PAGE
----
At this time, you understand, I knew nothing about Sylvia Castleman or her fiancé, except what the public knew. But now I got an inside view--and what a view! I had read some reference to Douglas van Tuiver's Harvard career: how he had met the peerless Southern beauty, and had given up college and pursued her to her home. I had pictured the wooing in the rosy lights of romance, with all the glamour of worldly greatness. But now, suddenly, what a glimpse into the soul of the princely lover! He had a good scare, let me tell you, said Claire. He never knew what I was going to do from one minute to the next.

Did he see you in the crowd before the church door? I inquired.

No, she replied, but he thought of me, I can promise you.

He knew you were coming?

She answered, I told him I had got an admission card, just to make sure he'd keep me in mind!

4. I did not have to hear much more of Claire's story before making up my mind that the wealthiest and most fashionable of New York's young bachelors was a rather self-centred person. He had fallen desperately in love with the peerless Southern beauty, and when she had refused to have anything to do with him, he had come back to the other woman for consolation, and had compelled her to pretend to sympathize with his agonies of soul. And this when he knew that she loved him with the intensity of a jealous nature.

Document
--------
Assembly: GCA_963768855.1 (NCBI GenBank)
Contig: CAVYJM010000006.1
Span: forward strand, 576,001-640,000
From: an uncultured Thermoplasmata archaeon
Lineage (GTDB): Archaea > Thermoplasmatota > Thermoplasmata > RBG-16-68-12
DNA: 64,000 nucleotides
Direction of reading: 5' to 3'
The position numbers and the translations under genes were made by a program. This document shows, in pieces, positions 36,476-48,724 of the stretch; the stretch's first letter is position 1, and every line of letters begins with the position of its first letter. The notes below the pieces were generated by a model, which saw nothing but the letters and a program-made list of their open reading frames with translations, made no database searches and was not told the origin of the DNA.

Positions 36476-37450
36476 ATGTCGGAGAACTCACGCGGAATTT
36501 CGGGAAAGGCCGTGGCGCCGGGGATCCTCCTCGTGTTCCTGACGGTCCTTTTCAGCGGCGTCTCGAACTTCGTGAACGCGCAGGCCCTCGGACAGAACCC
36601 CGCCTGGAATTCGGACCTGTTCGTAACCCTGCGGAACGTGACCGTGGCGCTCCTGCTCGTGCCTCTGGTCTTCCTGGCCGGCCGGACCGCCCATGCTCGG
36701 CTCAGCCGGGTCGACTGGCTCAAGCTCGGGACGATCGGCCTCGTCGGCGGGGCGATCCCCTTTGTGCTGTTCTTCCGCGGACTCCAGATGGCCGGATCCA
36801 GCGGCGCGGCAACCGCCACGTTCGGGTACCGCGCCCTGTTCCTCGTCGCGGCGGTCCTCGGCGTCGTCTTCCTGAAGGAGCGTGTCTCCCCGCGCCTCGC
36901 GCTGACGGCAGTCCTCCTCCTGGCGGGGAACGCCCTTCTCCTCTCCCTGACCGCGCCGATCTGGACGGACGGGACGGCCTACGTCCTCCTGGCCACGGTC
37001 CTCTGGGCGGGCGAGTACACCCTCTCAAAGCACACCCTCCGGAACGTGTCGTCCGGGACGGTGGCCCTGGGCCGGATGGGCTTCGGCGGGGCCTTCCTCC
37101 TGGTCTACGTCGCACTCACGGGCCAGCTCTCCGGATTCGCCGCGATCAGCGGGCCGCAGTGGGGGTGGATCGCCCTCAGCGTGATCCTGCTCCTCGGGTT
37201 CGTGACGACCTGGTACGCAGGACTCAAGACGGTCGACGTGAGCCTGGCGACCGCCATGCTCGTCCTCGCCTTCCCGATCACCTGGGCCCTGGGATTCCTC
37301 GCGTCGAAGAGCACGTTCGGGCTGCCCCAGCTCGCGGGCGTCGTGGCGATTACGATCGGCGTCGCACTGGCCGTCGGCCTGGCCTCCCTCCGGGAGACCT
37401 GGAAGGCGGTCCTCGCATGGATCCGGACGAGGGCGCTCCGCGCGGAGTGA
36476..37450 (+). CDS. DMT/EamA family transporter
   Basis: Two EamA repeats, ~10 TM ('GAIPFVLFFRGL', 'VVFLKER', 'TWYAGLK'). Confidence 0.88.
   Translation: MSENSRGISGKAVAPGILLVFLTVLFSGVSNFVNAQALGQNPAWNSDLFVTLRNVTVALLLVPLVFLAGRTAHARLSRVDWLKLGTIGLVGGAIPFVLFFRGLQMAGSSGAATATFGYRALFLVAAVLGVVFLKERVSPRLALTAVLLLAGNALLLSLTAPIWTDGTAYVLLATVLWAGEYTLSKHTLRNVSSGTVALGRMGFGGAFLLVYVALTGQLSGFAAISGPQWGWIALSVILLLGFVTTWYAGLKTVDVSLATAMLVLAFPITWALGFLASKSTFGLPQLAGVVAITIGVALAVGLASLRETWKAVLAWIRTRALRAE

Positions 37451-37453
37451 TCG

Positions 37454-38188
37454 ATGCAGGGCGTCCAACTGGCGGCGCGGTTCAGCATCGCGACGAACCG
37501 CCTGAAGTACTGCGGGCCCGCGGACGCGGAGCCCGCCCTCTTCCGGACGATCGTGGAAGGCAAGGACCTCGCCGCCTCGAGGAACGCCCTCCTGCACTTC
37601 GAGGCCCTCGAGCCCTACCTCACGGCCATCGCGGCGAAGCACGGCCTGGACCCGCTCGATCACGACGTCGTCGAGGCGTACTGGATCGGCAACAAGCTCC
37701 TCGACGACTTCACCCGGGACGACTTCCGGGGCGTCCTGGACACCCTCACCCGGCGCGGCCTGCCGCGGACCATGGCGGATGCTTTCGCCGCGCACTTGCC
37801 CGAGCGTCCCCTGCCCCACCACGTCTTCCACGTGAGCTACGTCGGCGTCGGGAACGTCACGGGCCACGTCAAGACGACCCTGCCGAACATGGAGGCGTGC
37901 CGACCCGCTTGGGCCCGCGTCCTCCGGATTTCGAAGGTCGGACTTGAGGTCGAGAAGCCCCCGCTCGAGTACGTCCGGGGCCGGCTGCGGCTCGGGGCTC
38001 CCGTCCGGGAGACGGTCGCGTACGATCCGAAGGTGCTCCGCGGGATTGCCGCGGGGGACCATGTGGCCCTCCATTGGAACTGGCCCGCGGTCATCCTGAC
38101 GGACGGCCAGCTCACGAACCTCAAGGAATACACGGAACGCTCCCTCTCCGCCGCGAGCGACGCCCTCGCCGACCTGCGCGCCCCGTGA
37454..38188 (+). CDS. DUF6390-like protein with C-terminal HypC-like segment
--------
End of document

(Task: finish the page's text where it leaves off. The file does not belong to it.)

Claire had her own view of Sylvia Castleman, a view for which I naturally made due reservations. Sylvia was a schemer, who had known from the first what she wanted, and had played her part with masterly skill. As for Claire, she had striven to match her moves, plotting in the darkness against her, and fighting desperately with such weak weapons as she possessed. It was characteristic that she did not blame herself for her failure; it was the baseness of van Tuiver, his inability to appreciate sincere devotion, his unworthiness of her love. And this, just after she had been naively telling me of her efforts to poison his mind against Sylvia while pretending to admire her! But I made allowances for Claire at this moment--realizing that the situation had been one to overstrain any woman's altruism.